Every time a massive data breach makes the news, we remind you about the best practices you need to employ to protect your online properties. You should never use weak passwords and recycle them. Instead, pick a password manager that lets you generate unique passwords for every different service, website, and app. And use two-factor authentication (2FA) or one-time passwords (OTP) whenever you can. That way, when hackers inevitably hack one of your accounts, your other properties are protected. But you should remain vigilant when it comes to defending your online accounts.
Unique passwords and 2FA/OPT aren’t enough, as hackers have found a clever way to trick you into giving them that unique code they need to break into your account. And you might not even realize that you’ve opened the doors to your Amazon, PayPal, Coinbase, or bank account to attackers who might steal money from you. It’s all possible thanks to a new type of customizable bots that place automated calls with the sole scope of stealing that temporary password.
How bots hack your 2FA codes
Even without bots, 2FA protection isn’t foolproof. Some hackers might try social engineer attacks to convince you to give up that temporary code or password. But not all of them might be that convincing.
On the other hand, the bot is a lot more sophisticated and will make you believe that you’re talking to the automated security system belonging to the service that hackers want to penetrate. Motherboard demonstrated the attack with a simple example, an incoming call supposedly coming from PayPal’s fraud prevention system.
An automated voice tells the PayPal account holder that someone tried to spend a particular sum of money. PayPal needs to verify the account holder’s identity to block the transfer, and they’ll ask for the 2FA/OTP.
‘In order to secure your account, please enter the code we have sent your mobile device now,’ the voice said. PayPal sometimes texts users a code in order to protect their account. After entering a string of six digits, the voice said, ‘Thank you, your account has been secured and this request has been blocked.’
The bot then proceeded to inform the user there’s no reason to worry about:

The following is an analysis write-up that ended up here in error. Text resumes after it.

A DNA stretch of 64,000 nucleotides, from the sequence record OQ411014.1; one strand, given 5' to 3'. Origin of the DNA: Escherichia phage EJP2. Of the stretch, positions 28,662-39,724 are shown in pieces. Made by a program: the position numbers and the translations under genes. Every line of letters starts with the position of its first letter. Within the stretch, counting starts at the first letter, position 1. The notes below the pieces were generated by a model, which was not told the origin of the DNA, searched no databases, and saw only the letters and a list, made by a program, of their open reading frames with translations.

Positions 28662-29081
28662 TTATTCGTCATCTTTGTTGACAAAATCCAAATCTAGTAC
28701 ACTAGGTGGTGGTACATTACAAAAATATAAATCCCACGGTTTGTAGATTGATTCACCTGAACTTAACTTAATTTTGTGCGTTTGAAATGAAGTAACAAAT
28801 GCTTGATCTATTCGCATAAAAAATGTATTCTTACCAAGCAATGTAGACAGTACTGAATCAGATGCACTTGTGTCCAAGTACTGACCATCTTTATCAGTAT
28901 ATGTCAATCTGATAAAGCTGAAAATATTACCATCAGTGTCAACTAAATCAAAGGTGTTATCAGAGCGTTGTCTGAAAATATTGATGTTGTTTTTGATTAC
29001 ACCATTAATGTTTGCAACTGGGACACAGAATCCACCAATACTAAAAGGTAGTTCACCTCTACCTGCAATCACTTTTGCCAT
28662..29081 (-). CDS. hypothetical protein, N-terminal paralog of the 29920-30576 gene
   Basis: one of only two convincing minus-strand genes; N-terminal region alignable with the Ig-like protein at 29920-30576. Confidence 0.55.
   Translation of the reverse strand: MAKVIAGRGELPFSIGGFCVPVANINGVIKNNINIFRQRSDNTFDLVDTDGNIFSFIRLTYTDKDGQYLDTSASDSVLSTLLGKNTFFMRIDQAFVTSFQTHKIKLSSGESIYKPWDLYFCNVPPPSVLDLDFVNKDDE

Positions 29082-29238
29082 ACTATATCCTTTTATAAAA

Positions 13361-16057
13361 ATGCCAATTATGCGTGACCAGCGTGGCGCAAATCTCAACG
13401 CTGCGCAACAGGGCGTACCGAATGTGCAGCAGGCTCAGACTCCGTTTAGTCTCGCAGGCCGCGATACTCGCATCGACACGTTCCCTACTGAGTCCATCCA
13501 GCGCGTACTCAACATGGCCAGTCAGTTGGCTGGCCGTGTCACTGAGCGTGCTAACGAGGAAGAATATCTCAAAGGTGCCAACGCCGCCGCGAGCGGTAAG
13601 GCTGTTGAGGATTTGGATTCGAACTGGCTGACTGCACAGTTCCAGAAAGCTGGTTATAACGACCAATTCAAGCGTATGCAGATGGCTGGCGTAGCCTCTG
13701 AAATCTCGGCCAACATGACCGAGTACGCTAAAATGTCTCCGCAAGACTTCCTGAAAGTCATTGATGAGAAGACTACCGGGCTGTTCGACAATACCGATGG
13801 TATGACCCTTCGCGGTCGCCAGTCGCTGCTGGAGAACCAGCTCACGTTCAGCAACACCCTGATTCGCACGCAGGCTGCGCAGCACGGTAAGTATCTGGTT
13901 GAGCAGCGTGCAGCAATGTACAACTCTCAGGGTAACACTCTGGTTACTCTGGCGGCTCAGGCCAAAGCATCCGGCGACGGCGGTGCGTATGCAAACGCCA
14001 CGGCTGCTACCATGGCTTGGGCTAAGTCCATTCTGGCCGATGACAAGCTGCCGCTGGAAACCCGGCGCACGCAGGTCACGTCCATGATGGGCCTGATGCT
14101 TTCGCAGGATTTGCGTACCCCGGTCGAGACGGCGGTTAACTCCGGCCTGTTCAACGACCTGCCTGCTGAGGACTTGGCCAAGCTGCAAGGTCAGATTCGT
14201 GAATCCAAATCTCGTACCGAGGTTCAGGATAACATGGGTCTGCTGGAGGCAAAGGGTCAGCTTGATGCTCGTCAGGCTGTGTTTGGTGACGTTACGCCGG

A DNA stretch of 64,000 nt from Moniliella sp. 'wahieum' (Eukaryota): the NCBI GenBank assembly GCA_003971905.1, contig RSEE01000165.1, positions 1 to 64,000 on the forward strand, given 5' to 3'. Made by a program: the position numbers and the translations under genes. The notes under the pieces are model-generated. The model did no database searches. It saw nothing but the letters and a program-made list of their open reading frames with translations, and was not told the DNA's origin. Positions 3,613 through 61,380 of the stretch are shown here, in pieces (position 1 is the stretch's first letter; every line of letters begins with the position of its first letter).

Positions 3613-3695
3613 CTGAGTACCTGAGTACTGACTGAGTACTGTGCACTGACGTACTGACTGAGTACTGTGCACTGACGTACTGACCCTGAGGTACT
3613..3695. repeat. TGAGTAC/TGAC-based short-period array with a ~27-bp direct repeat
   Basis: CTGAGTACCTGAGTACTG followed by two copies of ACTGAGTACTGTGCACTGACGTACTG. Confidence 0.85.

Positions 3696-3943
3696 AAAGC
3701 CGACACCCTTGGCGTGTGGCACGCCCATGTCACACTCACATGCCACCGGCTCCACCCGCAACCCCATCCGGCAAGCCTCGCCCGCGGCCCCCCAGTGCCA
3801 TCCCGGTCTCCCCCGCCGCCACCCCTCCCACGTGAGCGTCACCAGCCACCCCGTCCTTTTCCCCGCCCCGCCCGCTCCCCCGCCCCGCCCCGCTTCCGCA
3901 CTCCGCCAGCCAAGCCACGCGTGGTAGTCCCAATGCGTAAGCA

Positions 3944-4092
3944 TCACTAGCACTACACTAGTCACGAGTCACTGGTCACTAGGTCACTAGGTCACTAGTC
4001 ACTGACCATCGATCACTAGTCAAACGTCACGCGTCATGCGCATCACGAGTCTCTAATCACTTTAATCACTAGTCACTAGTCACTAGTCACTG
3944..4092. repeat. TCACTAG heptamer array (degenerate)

‘Don’t worry if any payment has been charged to your account: we will refund it within 24 to 48 hours. Your reference ID is 1549926. You may now hang up,’ the voice said.
What actually happens
Hackers who obtained someone’s personal data — such as their real name, email address, and phone number — might use it to determine whether they have a PayPal account with that address. They can apply the same procedure to any sort of online account. Once they find a match, they can feed the victim’s phone number to a bot that’s tailored for that service.
Motherboard explains that these bots can cost a few hundreds of dollars per month and target specific services like Amazon and PayPal. Others can target specific banks like Bank of America and Chase. And some of them let you customize the experience to any type of account.
The bot sounds just like one of the bots you’re might be talking to during regular customer service calls. They’ll invite you to press certain keys and then to input your 2FA/OTP code. But as soon as you do, the code reaches the hacker who initiated the attack.
The reason you get a code via text message on your phone is that the hacker has tried to log into your account, fully knowing they won’t be able to get into it. The bot makes it sound that it’s a service like PayPal that’s generating the unique 2FA/OTP code. And you’ll have no way of knowing it’s a hacker targeting you. Especially as you rush to deal with the threat.
Once inside your account, the hackers can steal money or cryptocurrency. The video below shows one such conversation with a bot.
What you can do to protect your 2FA codes
If you’re worried about 2FA/OTP bots attacks, you should make sure you understand how they work, and Motherboard’s coverage is a great place to start. You’ll want to inform your friends and family about the increased usage of this sort of hack.
Next time you receive a call inviting you to input 2FA codes, you should hang up. Never send those codes to anyone. Instead, log into those services to monitor your activity. And call customer support. You might want to change the email associated with that account to prevent these attacks from happening. Once hackers know what email you use for PayPal or Bank of America, they might still target you with similarly sophisticated attacks.